- Have individual one to one meetings with the key budget holders from across all NI Water business units:
- Mechanical & Electrical
- Leakage Networks,
- Waste Management
- Analytical Services
- Facilities Management
- Professional Services / HR
- Customer Services
- Discuss sub-contracting opportunities with key NI Water contractors; including: Meridian; McAllister Group; Lowry; CTS; Grahams & BSG
- Discuss upcoming business development activities with Ervia, who has procurement responsibility for three utilities in Ireland (Irish Water, Gas Networks Ireland and Aurora Telecoms)
- Get advice and guidance from InterTradeIreland & Invest NI on programmes and supports.
Registrations will open on Tuesday 23rd February, so for now, keep this date in your diary!
Leaving the EU Single Market means that there will be changes in how cross border trade in services will be conducted.
by David Roberts 14th October 2020 InvestNI
The issues for services trade have not had as much focus as goods trade. In this feature, we highlight some of the common issues which services businesses need to consider and act upon in the weeks ahead.
What is changing?
Services trade sits outside of the NI Protocol, so from 1 Jan 2021 arrangements for Northern Ireland services firms will largely mirror those for similar businesses in the rest of the UK. Arrangements for services trade form part of the ongoing UK/EU negotiations on a new Free Trade Agreement (FTA).
Whatever the outcome of these negotiations, services firms will have less access to the EU Single Market under an FTA than they do currently. How much will change for an individual business will vary depending on which sector a firm is in and how the service is provided to the customer.
Assess the potential impact on your business
It is a complex picture so it is important to assess the potential impact on your business and identify what adjustments may be required.
Some of the key areas to consider are:
- Market Access: will you still be able to service your existing customers in the way that you do currently e.g. remotely from Northern Ireland? For some services, an establishment or representation within the EU is required when a service is being provided by a non EU business. You may need to change or update your business model.
- Cross border business trips: do you deliver a service with a temporary presence in an EU Member State? Visas and other approvals in advance of travel may be required, creating an additional cost and a need to forward plan.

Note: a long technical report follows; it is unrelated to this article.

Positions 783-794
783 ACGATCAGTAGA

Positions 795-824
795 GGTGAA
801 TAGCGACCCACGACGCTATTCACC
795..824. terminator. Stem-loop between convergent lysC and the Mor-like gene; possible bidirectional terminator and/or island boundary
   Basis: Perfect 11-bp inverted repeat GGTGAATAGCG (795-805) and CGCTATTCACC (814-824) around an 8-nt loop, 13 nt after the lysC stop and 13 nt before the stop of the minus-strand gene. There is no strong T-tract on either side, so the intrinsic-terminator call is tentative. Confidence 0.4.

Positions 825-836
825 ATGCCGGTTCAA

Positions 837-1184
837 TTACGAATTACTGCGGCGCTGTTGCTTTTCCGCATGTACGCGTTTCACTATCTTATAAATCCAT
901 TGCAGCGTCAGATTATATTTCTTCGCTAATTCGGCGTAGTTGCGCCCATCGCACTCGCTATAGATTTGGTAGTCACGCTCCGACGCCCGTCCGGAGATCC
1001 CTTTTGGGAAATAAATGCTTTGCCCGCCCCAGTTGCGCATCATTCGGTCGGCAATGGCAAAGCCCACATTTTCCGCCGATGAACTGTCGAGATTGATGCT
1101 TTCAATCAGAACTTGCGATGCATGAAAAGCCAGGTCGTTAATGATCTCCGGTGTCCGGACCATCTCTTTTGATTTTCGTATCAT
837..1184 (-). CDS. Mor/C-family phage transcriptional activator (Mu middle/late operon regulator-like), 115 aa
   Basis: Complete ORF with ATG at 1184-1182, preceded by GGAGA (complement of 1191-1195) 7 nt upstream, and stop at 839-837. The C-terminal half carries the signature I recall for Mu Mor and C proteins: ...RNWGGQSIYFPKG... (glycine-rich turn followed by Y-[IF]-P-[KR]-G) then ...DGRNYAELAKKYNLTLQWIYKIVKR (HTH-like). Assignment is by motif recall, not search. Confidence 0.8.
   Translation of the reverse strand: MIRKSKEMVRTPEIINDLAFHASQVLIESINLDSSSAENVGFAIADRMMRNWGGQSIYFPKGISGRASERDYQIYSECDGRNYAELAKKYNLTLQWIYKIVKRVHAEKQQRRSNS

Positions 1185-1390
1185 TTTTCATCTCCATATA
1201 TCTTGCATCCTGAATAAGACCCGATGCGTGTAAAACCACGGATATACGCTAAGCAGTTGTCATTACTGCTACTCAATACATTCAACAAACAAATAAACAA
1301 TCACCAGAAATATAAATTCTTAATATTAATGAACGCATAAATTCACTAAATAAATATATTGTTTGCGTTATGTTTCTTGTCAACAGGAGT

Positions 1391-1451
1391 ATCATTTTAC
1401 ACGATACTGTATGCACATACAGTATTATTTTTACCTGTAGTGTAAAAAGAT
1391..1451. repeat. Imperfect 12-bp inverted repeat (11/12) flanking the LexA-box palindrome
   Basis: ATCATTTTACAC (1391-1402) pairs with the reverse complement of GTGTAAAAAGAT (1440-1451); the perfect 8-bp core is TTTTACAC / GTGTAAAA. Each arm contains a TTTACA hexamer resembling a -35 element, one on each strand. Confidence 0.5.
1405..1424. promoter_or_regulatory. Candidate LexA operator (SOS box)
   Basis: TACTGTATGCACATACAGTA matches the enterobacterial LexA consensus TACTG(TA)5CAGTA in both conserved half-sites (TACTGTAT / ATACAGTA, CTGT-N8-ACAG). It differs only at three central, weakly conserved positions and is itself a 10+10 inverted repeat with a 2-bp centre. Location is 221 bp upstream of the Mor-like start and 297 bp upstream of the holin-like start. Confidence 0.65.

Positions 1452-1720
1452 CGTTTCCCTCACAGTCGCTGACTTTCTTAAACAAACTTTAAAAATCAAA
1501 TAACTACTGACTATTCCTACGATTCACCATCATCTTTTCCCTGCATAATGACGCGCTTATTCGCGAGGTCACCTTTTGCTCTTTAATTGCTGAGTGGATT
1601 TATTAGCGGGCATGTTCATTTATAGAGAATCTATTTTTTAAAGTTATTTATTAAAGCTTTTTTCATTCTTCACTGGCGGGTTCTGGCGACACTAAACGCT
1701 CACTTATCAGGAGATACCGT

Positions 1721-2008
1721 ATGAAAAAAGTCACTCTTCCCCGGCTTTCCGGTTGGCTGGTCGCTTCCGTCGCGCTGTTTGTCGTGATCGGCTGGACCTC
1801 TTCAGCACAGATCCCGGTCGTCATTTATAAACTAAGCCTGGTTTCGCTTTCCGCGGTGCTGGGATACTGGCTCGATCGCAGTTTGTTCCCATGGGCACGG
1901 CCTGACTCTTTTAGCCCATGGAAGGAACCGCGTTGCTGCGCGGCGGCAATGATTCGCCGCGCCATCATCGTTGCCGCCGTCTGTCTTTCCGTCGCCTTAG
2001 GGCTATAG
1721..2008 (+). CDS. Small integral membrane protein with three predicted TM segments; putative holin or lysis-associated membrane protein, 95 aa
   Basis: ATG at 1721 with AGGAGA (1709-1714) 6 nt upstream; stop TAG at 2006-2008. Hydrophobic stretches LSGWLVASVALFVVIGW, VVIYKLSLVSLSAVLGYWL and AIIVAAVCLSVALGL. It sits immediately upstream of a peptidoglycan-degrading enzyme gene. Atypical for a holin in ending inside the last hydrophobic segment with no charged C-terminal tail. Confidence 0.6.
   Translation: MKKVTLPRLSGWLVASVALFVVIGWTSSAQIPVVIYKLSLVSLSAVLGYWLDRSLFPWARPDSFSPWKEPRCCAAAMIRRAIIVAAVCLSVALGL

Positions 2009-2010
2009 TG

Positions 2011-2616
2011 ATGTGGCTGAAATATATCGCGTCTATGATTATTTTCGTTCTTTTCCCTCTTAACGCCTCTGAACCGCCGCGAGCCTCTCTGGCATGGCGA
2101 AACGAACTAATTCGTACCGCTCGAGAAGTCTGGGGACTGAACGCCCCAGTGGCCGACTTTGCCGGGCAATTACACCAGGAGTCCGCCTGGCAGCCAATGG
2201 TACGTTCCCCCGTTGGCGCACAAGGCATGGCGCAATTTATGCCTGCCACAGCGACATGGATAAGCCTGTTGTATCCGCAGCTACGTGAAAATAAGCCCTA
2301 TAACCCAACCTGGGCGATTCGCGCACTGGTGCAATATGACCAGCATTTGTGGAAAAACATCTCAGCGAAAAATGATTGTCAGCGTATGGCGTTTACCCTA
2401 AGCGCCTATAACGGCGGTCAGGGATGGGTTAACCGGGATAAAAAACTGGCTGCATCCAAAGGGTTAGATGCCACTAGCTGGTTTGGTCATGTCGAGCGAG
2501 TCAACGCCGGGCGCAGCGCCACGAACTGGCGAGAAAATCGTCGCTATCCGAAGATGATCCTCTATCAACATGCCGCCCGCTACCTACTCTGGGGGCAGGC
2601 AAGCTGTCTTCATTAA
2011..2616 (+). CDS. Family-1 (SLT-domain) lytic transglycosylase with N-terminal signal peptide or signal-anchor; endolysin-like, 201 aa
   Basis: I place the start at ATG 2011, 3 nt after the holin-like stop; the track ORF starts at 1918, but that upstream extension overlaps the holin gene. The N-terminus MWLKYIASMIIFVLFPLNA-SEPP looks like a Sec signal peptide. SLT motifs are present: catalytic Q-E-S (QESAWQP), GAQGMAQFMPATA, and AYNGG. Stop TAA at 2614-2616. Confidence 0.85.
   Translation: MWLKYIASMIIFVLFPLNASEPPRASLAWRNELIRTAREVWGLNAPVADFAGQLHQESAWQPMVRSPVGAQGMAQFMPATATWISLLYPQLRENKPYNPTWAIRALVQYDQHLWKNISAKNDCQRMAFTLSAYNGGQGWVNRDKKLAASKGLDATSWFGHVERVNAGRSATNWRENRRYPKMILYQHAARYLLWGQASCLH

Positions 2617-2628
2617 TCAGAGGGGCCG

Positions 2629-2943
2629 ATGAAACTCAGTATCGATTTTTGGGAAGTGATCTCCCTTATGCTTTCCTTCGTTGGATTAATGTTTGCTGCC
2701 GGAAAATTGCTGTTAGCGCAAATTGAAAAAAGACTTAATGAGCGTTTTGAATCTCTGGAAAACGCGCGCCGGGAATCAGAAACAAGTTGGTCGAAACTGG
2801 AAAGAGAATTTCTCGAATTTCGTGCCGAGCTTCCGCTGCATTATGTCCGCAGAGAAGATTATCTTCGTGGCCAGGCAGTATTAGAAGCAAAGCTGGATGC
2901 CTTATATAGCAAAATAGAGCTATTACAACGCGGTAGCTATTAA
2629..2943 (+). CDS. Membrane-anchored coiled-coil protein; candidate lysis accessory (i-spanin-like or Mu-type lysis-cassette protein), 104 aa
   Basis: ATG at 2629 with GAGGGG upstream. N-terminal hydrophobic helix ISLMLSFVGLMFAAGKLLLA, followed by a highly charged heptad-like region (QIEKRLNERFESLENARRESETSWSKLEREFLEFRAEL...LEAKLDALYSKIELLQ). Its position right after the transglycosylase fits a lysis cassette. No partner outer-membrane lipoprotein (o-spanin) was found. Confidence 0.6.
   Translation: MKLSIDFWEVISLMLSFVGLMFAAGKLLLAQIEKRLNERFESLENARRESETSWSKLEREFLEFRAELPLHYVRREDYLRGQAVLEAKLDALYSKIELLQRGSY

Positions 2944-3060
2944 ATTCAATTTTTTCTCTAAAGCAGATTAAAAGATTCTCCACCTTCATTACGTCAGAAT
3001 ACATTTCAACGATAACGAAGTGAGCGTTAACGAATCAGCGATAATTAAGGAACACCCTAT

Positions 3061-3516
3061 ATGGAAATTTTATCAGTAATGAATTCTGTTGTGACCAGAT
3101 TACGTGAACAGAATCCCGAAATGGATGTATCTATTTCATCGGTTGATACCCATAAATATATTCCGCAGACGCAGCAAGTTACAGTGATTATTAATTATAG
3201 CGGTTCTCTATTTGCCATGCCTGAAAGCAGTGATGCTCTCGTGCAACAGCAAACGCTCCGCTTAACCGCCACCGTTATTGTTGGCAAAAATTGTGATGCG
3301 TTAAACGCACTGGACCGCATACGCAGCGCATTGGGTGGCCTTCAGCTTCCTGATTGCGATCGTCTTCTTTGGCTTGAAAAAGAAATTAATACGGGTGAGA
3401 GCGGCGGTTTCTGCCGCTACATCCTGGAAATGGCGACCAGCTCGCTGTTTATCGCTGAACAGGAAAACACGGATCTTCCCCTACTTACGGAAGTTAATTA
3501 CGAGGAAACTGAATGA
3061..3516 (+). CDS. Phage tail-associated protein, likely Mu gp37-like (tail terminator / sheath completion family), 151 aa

- Recognition: are your qualifications, accreditations or authorisations still accepted to enable you to deliver the service within the EU? There may be a need to re-qualify or re-certify, if not in advance of 1 Jan 2021 then potentially in the medium term.
- Data: does your business handle data from a business or organisation in the EU? There are new contractual measures to be put in place to enable data flows to continue whether a data agreement is achieved between the UK and the EU or not. You should review the Data Protection at the End of the Transition Period guidance from the Information Commissioners Office.
What can I do now?
A good starting point is to review the guidance published by the EU – EU Readiness Notices for the End of the Transition Period. This guidance sets out what rules will apply on a whole range of issues from 1 Jan 2021 in the event that an FTA is not agreed by the end of the year.
If a deal is agreed between the EU and the UK, then there will be some provisions to facilitate trade in services and more detailed guidance will be provided at that point on issues such as mutual recognition of qualifications.
You should also contact your relevant professional body, institute or regulator for specific advice and insights e.g. on the provision of services across the island of Ireland. Many of them have bespoke guidance available for businesses in their sector.
Manufacturers that are ahead in scaling advanced production
technologies are successfully navigating four durable shifts that
are critical to managing unprecedented disruption.
by Francisco Betti, Enno de Boer, and Yves Giraud
McKinsey and Company
Since its inception in 2018, the Global Lighthouse
Network (GLN) of advanced manufacturers has
demonstrated how leading companies can work
toward realizing the full potential of the innovations
and advances at the core of the Fourth Industrial
Revolution (4IR). Beginning with a select collection
of leading-edge organizations, we have seen how
lighthouse factories can help entire organizations
navigate their modernization journeys, inspiring and
catalyzing change among partner organizations
along the way.
That’s why GLN now comprises 54 sites, with
ten sites added in Q3 2020 (Exhibit 1). This
growth reflects the accelerating adoption of core
4IR technologies, and their infusion into daily
manufacturing and supply-chain operations, as
organizations act on a new urgency to remain
competitive—even as others have fallen behind, still
stuck in pilot purgatory.
GLN includes companies that have achieved
remarkable 4IR advancements within the four walls
of factory sites or have effectively implemented
end-to-end (E2E) digitization across the value chain.
Indeed, in both cases, 4IR technology has powered
the reimagination of manufacturing and supply
chains across industries and sectors.
Moreover, an essential aspect of lighthouses’
success lies in a dedicated focus on workforce
development and capability building through a
variety of means. Indeed, these organizations have
prioritized their people by transforming the nature of
work through intentional upskilling and/or reskilling
efforts, empowering workers to realize their